Don't we all think that it was the right thing to move out of Singur for Ratan Tata? Don't we all feel sympathetic about the huge losses he has incurred in the Singur plant? Don't we all feel that Mamta Banerjee was villanous in her acts? I thought so too, until today. While watching Ratan Tata's interviews over the national news channels, I always felt strongly that what he did was right in principle. Now the West Bengal ruling government would learn its lessons, even the opposition would learn some lessons, and that it serves them right for not co-operating with an industrialist like Ratan Tata, which would have been in their own best interests.
I thought all this till I read an article by Prem Shankar Jha in the editorial section of Hindustan Times. To say the least, I feel I have been looking at only one side of the coin, just like most of the national news channels are portraying. Ratan Tata said in his press conference that "We believe a fair compensation has been paid". Jha raises an apt question, "Paid by whom?" The compensation (Rs 131 Crore) has actually entirely been paid by the West Bengal Government. Tatas had taken the land from the government at a lease with a meagre lease rent. This was why it was so easy for the Tatas to move out because they had so little at stake there. Although there investment in the Nano project was 15oo crores, but a major portion of this was in equipment and machinery and other movable things, which they will move out. They would still face a big loss in infrastructure etc, but it would be quite less than what the West Bengal Government would.
Moreover, the land was acquired forcefully by brutal beatings given by policemen to local people. About 400 villagers were demanding their land back since they considered it to be the only security in an uncertain and unorganised sector of non-agricultural jobs. However, Ratan Tata would still have been totally non-guilty if there was no way of making the landholders beneficiaries instead of victims. Jha comes up with an ingenious yet simple strategy - what if the Tatas decided to set aside just one quarter of 1% of their annual sales revenue and distributed it as anuual royalty to owners and sharecroppers. With an annual turnover of 5000 crore (from 500,000 cars), the royalty would have amounted to Rs 125000 crore per acre per year to be split between landowners and sharecroppers. To recover this, the Tatas would have had to increase the price of their car by only Rs 250.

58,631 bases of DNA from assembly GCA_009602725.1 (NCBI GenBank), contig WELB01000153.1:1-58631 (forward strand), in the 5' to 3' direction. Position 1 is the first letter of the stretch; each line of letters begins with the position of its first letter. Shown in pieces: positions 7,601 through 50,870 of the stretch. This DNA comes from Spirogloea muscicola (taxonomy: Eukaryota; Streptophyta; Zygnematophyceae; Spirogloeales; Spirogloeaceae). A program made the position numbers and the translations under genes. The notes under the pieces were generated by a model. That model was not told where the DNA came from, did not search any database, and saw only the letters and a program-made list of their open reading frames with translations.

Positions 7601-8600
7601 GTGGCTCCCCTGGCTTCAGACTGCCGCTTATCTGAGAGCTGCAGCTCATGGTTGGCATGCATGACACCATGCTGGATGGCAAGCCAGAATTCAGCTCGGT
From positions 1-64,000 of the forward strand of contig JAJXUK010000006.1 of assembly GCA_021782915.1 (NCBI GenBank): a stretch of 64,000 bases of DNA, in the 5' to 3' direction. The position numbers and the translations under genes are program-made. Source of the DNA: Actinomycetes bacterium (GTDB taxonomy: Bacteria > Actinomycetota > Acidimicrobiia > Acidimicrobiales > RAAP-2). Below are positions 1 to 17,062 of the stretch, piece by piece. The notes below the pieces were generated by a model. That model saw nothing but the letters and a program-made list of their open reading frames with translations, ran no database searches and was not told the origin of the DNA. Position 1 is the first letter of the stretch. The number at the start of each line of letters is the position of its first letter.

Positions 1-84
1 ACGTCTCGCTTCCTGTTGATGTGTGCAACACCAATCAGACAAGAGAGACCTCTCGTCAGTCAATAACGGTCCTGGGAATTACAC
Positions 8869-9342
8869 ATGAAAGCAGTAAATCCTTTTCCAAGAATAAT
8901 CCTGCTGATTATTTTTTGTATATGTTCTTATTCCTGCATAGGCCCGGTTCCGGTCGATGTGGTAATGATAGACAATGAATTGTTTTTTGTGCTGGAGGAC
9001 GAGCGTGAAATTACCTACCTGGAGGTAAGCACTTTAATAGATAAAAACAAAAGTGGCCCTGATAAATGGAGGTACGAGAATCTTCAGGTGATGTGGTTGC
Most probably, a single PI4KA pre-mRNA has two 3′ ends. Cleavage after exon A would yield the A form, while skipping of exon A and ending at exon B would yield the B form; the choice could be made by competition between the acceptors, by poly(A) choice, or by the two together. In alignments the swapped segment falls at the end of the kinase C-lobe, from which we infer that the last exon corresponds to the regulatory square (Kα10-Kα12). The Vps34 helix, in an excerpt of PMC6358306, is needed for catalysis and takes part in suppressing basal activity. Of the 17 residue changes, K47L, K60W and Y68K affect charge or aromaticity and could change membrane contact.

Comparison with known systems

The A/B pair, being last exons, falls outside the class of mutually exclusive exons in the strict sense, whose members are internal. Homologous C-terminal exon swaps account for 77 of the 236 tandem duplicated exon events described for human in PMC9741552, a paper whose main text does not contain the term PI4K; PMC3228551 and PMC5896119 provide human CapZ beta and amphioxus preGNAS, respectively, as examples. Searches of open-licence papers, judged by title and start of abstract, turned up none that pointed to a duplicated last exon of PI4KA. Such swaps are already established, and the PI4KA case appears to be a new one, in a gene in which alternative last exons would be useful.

Now the question is would Mamta Banerjee have refused such an offer? Of course not, the farmers wouldn't have let her. Ratan Tata has only proved that he is just another industrialist who did not try an approach that has never been tried in our country.